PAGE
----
Living in Information: Responsible Design for Digital Places | The Internet of Us: Knowing More and Understanding Less in the Age of Big Data | Algorithms of Oppression: How Search Engines Reinforce Racism | Automating Inequality: How High-Tech Tools Profile, Police, and Punish the Poor | Privacy: What Everyone Needs to KnowÂ® | AI | The Second Machine Age
New York Times Bestseller
A former Wall Street quant sounds an alarm on the mathematical models that pervade modern lifeÂ â and threaten to rip apart our social fabric
We live in the age of the algorithm. Increasingly, the decisions that affect our livesâwhere we go to school, whether we get a car loan, how much we pay for health insuranceâare being made not by humans, but by mathematical models. In theory, this should lead to greater fairness: Everyone is judged according to the same rules, and bias is eliminated.
But as Cathy OâNeil reveals in this urgent and necessary book, the opposite is true. The models being used today are opaque, unregulated, and uncontestable, even when theyâre wrong. Most troubling, they reinforce discrimination: If a poor student canât get a loan because a lending model deems him too risky (by virtue of his zip code), heâs then cut off from the kind of education that could pull him out of poverty, and a vicious spiral ensues. Models are propping up the lucky and punishing the downtrodden, creating a âtoxic cocktail for democracy.â Welcome to the dark side of Big Data.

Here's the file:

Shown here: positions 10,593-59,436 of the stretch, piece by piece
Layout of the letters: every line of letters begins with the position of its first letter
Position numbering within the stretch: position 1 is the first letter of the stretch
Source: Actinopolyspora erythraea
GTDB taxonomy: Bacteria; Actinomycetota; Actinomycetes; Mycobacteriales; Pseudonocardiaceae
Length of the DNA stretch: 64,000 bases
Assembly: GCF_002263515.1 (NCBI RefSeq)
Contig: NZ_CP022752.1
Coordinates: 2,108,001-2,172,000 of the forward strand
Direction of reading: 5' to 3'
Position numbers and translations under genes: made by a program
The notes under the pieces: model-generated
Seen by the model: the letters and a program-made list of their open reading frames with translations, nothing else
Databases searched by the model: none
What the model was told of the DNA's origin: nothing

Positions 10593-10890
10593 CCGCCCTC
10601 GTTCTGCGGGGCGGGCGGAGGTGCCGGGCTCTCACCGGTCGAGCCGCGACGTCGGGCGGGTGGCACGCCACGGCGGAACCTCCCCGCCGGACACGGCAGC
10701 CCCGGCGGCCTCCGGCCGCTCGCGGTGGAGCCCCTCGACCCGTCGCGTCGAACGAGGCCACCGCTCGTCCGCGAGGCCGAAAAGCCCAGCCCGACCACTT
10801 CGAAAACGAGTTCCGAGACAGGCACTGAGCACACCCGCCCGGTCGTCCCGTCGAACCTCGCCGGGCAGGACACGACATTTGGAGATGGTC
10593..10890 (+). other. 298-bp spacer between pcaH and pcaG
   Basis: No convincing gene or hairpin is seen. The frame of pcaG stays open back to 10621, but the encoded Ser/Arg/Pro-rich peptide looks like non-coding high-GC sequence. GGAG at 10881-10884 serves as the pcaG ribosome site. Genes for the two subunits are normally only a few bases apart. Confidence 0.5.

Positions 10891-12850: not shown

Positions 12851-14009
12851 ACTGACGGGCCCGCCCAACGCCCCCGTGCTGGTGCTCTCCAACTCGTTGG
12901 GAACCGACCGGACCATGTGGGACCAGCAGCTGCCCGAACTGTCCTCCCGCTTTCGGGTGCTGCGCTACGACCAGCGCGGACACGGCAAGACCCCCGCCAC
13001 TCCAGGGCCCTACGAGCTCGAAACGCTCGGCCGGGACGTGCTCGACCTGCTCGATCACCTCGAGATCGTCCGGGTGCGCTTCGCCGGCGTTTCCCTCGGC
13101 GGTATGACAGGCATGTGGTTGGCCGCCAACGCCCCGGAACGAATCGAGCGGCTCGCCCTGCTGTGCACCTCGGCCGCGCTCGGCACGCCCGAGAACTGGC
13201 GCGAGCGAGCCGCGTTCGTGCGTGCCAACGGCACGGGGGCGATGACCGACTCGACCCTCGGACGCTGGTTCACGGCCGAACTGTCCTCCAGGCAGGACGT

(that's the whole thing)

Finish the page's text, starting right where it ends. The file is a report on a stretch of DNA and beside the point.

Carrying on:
Tracing the arc of a personâs life, OâNeil exposes the black box models that shape our future, both as individuals and as a society. These âweapons of math destructionâ score teachers and students, sort rÃ©sumÃ©s, grant (or deny) loans, evaluate workers, target voters, set parole, and monitor our health.
OâNeil calls on modelers to take more responsibility for their algorithms and on policy makers to regulate their use. But in the end, itâs up to us to become more savvy about the models that govern our lives. This important book empowers us to ask the tough questions, uncover the truth, and demand change.
â Longlist for National Book Award (Non-Fiction)
â Goodreads, semi-finalist for the 2016 Goodreads Choice Awards (Science and Technology)
â Kirkus, Best Books of 2016
â New York Times, 100 Notable Books of 2016 (Non-Fiction)
â The Guardian, Best Books of 2016
â WBUR's "On Point," Best Books of 2016: Staff Picks
â Boston Globe, Best Books of 2016, Non-Fiction
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